The backtracked path is the only part of this algorithm that uses variable memory, because we obviously can't know how long the path is until we've found it!

I HOPE THAT ALL MAKES SENSE... O.O If not, I would love to clarify.


Here you can see that it expands every possible node each pass. The value assigned follows the pattern I described. Once the goal is found, you can follow the pattern in reverse to find your way back.

That was the path I chose to follow, but any of these paths would be valid, because they all follow the pattern:

Note that they are all the exact same length. So technically the set of valid tiles to move to is:

This algorithm is designed to do a search in 4 directions only, however I realized that backtracking correctly can produce an 8-directional path, which I would greatly prefer. Note that any time it has multiple possible paths, all options will produce the same length of 4-directional path, so any time you can move diagonally is ALWAYS an improvement. The algorithm should always try to move in a straight line, unless it has the option to move diagonally (and is not moving diagonally in a different direction already, of course). This creates the most efficient paths with 8-directional movement and accounts for the possibility that changing direction has a cost (such as enemies having to turn to face a new direction before moving that way).

The way I thought of to implement diagonal movement is to compare the "options" from the previous node in the path with the "options of the current one. For example, let's say at node A you can move either right or down, so you choose to move right and add that node to the backtracked path. Now at node B you can move either right, down, or up. Well if you compare with the valid directions at A, you can see that down was valid for node A, too! That means the node diagonally down-right from A is valid and not blocked by any walls or corners! So instead of adding a new node to the backtracked path, we just change the last node we added to be right-down from A, instead of just right.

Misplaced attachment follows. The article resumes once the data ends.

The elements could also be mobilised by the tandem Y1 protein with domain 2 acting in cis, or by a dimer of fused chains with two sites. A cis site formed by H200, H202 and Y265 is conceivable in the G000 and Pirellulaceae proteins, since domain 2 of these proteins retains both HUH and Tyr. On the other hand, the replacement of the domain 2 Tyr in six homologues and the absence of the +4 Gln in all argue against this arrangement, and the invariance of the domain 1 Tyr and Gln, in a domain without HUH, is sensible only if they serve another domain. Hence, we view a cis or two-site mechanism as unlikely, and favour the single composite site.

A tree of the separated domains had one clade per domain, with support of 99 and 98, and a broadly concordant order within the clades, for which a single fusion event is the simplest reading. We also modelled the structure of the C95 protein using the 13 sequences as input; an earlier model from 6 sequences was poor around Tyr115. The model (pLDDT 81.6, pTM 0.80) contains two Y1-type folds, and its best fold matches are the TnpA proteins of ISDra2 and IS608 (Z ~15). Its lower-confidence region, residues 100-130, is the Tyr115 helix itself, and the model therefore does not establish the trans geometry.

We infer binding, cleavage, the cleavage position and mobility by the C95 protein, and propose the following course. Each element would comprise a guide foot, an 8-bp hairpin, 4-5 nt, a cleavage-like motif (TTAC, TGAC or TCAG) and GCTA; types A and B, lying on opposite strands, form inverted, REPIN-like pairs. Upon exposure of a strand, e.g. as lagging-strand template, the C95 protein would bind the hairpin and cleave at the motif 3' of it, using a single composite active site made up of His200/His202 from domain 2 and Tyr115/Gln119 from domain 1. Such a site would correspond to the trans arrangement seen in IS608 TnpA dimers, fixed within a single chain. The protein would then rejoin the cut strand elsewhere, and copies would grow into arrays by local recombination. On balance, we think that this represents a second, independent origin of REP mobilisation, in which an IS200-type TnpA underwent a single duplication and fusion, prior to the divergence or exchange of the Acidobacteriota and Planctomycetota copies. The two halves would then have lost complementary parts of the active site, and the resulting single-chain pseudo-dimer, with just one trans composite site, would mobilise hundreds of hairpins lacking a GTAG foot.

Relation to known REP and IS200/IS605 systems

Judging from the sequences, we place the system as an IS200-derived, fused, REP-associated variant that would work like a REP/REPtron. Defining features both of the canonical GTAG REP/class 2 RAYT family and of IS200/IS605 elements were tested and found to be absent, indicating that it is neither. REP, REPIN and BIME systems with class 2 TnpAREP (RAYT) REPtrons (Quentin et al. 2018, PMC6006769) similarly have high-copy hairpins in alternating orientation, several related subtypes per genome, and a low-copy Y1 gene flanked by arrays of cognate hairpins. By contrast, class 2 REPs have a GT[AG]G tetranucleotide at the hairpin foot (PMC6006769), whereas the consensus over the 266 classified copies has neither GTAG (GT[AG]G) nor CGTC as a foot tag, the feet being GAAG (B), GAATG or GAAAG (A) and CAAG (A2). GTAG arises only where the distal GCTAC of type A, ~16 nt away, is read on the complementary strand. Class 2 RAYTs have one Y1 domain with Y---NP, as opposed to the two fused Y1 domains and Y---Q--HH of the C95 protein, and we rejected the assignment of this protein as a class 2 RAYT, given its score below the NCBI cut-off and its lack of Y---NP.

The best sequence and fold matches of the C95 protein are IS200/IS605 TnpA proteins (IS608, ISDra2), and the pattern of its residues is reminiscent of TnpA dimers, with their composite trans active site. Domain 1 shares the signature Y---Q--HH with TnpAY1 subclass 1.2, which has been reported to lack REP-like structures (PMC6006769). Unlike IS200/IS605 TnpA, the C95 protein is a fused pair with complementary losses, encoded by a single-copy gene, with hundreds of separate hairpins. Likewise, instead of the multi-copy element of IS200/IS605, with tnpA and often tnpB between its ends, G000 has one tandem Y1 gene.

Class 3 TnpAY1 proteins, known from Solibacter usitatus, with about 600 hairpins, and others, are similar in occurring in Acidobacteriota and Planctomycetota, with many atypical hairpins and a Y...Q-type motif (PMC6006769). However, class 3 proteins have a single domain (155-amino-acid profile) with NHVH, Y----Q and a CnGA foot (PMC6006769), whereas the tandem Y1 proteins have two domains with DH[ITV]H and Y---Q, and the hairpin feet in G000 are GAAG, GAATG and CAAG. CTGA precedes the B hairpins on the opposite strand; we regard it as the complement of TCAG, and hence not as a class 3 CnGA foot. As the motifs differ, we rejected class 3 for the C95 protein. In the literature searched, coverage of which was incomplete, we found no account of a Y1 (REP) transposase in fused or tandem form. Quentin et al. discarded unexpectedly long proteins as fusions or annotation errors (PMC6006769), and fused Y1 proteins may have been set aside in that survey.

//EDIT: The returned path can be quite small if represented by a series of directions 0-7. The layout I have for this is 0=right, going counter-clockwise around the directions (1=up-right, 2=up, 3=up-left, etc). It's easy to expand any format of directions like that into an X and Y offset using a couple of LUTs.

Does that make sense as well? I hope so, because the question is...

How do you do that efficiently? All of it. What's the most efficient way to check the 4-directional surrounding bits recursively like that? Am I missing a more efficient way to check diagonal pathing? I just can't come up with a way to write this backtracking that I feel is very efficient.

Thanks so much for any input! I'll clarify anything that is confusing if need be!


TI Z80 / Re: Zelda resumed and almost done...a bit of help needed
« on: September 21, 2012, 03:23:20 am »
You definitely do not need advanced pathfinding of any kind for this.

Something thing to note is that most enemies who move deliberately closer to you don't begin to do so until you're within a certain distance from them, within their line of sight, etc. Otherwise, they just move randomly as well. Even so, the best they can do is simply move toward you, they never actually do any pathfinding. Ever. EVER. (Ever.)

Also........Which Zelda game specifically is this a clone of? Is it Link's Awakening? Or an older one than that?

Maximum Security / Re: DT's unnamed puzzle platformer
« on: September 21, 2012, 03:12:25 am »
Will explosions hurt the player as well? Or just remove blocks?

TI Z80 / Re: TinyCraft II (name subject to change)
« on: September 21, 2012, 03:09:25 am »
What are you using for sprites in this? Are those original? Or modified versions of the sprites used in the original TinyCraft thread?